An Endoscopy is a procedure designed to examine the inside of a patients body using an endoscope – a long, flexible and thin tube that is lighted with a camera attached to it.
The scope can be inserted into the body naturally either through the mouth and down the throat, or through the anal passage. It can also be inserted through an incision made to the skin however this is only usually done for keyhole surgery.
An endoscopy procedure can be used to examine a patients symptoms and assist with certain types of surgery. The endoscope can also be used to remove small tissue samples from a patient that can be used to investigate a condition further.
Your consultant may proceed with an endoscopy for reasons such as investigating swallowing difficulties, abdominal pain, chest pain, nausea and vomiting, weight loss, blood when vomiting, constant diarrhoea or blood in your stools.
There are different procedures depending on the area that needs to be investigated:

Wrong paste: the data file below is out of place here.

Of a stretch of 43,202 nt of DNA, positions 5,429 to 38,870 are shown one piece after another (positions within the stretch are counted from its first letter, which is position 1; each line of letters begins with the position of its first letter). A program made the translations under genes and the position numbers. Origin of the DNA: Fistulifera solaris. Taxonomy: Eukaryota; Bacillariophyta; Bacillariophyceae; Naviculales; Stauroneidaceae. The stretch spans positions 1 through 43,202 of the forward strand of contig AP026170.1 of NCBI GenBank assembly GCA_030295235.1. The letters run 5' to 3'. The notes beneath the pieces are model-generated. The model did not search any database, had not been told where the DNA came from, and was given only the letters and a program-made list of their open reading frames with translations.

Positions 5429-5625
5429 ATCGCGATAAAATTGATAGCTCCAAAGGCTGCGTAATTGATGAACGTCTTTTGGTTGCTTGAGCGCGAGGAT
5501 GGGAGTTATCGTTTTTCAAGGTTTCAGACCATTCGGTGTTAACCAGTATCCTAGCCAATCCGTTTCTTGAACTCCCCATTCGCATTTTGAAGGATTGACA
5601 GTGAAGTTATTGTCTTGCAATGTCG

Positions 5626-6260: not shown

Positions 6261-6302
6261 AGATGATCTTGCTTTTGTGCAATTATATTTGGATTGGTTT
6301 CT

Gastroscopy – this involves an examination of the oesophagus. Your surgeon will place an endoscope inside a patient to examine the oesophagus, the stomach and small intestine.
Colonoscopy – is where your doctor examines the inner lining of the large intestine using a thin tube that has a camera on the end. A colonocscope will be inserted into your bowel through the back passage for a specialist to look inside.
Bronchoscopy – this is used to examine a patients airways if they have cough like symptoms or are coughing blood.
Hysteroscopy – used to examine the inside of a patients womb if vaginal bleeding or a miscarriage has occurred.
Cystoscopy – a procedure designed to examine the inside of the bladder if a patient has urinary incontinence or blood within the urine.
Endoscopic ultrasound – designed to display images of the internal organs and used to take tissue samples.
The procedure is not a painful one, you may experience some mild discomfort and feel as though you have a sore throat, you are given a local anaesthetic which will numb the specific area the endoscope will pass through. You may also be given a sedative to help you relax.
After the anaesthetic starts working the endoscope will be carefully inserted into the body via the desired area, where the scope is inserted will depend on what area of the body will be investigated.
The procedure usually takes around 15 minutes to an hour depending what the procedure is being carried out for. It is usually done as a day case therefore you will not have to stay in hospital overnight.